In the 11 days since 42-year-old Omar Gonzalez managed to scale a fence and run into the White House, one thing has remained true: most of the information about the incident has not come from the Secret Service itself. In fact, some of the information the agency has released has proved to be incorrect.
Some of the most damning revelations became public around the time Secret Service Director Julia Pierson was testified before Congress Tuesday. The day before her appearance, CBS News learned that Gonzalez made it much farther inside the White House than just inside the front doors, as the agency previously said - a "false report," as House Oversight and Government Reform Committee Chairman Darrell Issa, R-California, called it.
When asked directly by Issa at the hearing, Pierson revealed that not one, but two agents had recognized Gonzalez near the White House that day but failed engage him or tell others he was present. Earlier this summer, he had been stopped while walking near the White House with a hatchet tucked into his waistband, but not arrested.
And just after her testimony finished, the Washington Post dropped yet another bombshell: the agent who finally brought down Gonzalez was off-duty and leaving the White House for the rest of the night.
The Secret Service could be described as "leading from behind" in the release of information surrounding the case, to borrow a favorite phrase from the president's critics. It has yielded several frustrated members of Congress and a headache for the White House, which finds itself forced to defend the discrepancies in what the agency has said.
During the hearing, Rep. Jason Chaffetz, R-Utah, assailed the agency for failing to correct the record once they had put out information that turned out to be false. He questioned Pierson over a statement that Secret Service spokesman Ed Donovan made to the Associated Press in which he said that a search of Gonzalez turned up no weapon (in fact, he was carrying a two-and-a-half-inch folding knife with a serrated blade).
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- Fence-jumper made it farther in White House than Secret Service let on
"Why would [Donovan] say that there's no weapon?" Chaffetz asked, to which Pierson responded she would have to ask Donovan that question.
"You haven't done that since the incident happened?" he asked incredulously.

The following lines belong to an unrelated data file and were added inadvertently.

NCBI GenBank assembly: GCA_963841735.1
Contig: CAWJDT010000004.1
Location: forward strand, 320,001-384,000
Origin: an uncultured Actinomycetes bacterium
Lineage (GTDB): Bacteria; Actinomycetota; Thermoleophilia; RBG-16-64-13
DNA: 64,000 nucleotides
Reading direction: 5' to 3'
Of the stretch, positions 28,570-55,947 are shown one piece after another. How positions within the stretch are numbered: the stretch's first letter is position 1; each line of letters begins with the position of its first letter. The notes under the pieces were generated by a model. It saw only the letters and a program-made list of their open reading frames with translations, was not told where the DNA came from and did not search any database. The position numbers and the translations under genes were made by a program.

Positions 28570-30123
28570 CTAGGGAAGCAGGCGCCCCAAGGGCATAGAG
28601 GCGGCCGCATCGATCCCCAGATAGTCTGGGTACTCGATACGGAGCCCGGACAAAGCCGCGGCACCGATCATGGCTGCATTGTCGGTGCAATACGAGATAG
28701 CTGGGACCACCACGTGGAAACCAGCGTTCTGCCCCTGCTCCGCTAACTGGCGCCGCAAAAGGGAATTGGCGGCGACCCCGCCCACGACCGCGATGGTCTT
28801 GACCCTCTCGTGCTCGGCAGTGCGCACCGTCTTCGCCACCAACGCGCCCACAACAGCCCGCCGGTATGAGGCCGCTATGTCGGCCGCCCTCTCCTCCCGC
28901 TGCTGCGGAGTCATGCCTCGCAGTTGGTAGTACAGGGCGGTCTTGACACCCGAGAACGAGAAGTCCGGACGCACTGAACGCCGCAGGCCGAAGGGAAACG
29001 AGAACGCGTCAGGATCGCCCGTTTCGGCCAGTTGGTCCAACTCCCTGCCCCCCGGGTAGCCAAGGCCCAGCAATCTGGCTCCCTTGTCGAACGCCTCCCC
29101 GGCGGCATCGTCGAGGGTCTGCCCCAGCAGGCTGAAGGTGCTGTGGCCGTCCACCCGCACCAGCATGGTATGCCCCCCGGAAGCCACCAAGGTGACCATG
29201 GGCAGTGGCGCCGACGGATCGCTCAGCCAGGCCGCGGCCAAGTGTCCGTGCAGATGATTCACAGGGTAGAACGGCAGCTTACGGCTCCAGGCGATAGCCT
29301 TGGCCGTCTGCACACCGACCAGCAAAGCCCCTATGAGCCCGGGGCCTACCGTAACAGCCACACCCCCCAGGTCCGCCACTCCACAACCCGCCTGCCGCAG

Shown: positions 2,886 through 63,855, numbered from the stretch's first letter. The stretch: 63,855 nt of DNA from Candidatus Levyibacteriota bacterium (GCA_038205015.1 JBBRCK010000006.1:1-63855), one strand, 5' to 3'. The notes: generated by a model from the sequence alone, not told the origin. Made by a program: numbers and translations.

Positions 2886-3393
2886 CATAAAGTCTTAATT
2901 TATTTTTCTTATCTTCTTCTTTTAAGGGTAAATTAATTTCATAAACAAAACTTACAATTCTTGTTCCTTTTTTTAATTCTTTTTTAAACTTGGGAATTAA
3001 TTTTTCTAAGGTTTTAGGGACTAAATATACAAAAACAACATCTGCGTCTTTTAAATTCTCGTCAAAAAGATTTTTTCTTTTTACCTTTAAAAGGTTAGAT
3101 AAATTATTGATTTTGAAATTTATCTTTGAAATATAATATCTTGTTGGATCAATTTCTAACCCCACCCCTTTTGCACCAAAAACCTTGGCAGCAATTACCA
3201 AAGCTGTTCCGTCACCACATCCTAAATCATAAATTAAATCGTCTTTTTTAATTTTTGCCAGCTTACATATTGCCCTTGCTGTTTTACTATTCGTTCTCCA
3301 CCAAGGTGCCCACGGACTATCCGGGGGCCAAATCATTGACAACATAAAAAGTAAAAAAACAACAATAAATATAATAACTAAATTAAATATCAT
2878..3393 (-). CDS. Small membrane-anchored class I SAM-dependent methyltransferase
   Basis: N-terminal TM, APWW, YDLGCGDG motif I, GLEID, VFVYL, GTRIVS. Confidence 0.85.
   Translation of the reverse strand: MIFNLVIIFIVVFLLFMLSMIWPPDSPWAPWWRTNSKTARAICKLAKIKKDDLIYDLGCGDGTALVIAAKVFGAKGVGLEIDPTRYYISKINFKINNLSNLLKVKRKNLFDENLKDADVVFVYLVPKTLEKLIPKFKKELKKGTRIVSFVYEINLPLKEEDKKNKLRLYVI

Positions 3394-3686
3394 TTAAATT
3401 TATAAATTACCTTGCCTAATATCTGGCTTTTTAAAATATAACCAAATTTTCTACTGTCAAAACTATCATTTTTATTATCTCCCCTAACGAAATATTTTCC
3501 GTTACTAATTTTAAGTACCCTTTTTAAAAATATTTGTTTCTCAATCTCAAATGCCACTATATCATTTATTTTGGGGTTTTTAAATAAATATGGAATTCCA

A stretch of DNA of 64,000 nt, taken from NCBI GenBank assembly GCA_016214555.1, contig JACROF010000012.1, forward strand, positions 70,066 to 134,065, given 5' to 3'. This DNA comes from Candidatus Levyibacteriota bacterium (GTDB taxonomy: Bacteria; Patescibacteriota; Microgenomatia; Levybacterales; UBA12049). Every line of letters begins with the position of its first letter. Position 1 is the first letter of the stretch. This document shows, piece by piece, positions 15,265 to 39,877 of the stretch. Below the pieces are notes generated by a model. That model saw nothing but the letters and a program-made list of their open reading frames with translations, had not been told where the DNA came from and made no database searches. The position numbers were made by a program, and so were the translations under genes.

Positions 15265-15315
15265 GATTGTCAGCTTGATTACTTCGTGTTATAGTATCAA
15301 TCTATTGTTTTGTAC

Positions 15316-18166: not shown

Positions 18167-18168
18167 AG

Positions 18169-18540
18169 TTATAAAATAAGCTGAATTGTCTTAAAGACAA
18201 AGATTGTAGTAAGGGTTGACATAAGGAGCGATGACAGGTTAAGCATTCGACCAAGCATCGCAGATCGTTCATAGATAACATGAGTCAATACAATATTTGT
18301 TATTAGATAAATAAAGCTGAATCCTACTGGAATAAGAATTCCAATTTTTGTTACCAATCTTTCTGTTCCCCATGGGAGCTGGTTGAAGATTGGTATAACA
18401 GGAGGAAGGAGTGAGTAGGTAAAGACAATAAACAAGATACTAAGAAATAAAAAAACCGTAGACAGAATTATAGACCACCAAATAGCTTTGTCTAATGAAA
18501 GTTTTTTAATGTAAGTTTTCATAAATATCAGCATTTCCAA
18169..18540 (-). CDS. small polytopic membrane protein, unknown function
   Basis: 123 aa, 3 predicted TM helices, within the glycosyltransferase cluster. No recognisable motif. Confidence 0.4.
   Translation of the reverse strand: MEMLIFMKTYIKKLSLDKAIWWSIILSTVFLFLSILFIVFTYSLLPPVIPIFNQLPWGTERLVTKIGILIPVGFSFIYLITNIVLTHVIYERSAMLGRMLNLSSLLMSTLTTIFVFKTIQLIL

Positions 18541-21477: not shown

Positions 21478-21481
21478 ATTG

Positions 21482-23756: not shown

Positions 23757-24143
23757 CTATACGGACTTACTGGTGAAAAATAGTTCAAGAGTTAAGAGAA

A moment later, he asked whether the agency had called the Associated Press to correct the record, and Pierson said, "I have no knowledge of that."
"So you just let it linger out there that there was no weapon? That was wrong. It was inaccurate. Correct?" Chaffetz said.
"I do know that there has been a lot of information in this case, and that's why we are doing a robust review," she answered.
The concern extended to both sides of the aisle.
Just as troubling as the recent security failures, Del. Eleanor Holmes Norton, D-District of Columbia, said, are the "indications of unwarranted secrecy in the Secret Service."
"The Secret Service is not a secret society. If there is a willing avoidance of needed transparency, that in itself poses a danger to the White House," she said.
Over at the White House, spokesman Josh Earnest found himself in hot water as he referred questions about the investigation of the fence-jumping incident to the Secret Service, only to have reporters ask him how they could trust the agency.
"What you're highlighting here, I think, is the inherent tension, particularly in these high-stakes situations, between the need for locking down facts and ensuring accuracy, and acting as quickly as possible to disseminate information to the public about incidents that have a legitimate public interest," Earnest said.
"Ultimately it's the responsibility of that agency to get to the bottom of what exactly happened and then act as quickly as possible to disseminate accurate information on this matter that is the subject of legitimate public interest," he continued. "So, it's not surprising that given those different viewpoints, given the very chaotic nature of what allegedly occurred, that there might be some conflicting pieces of information that are floating out there."
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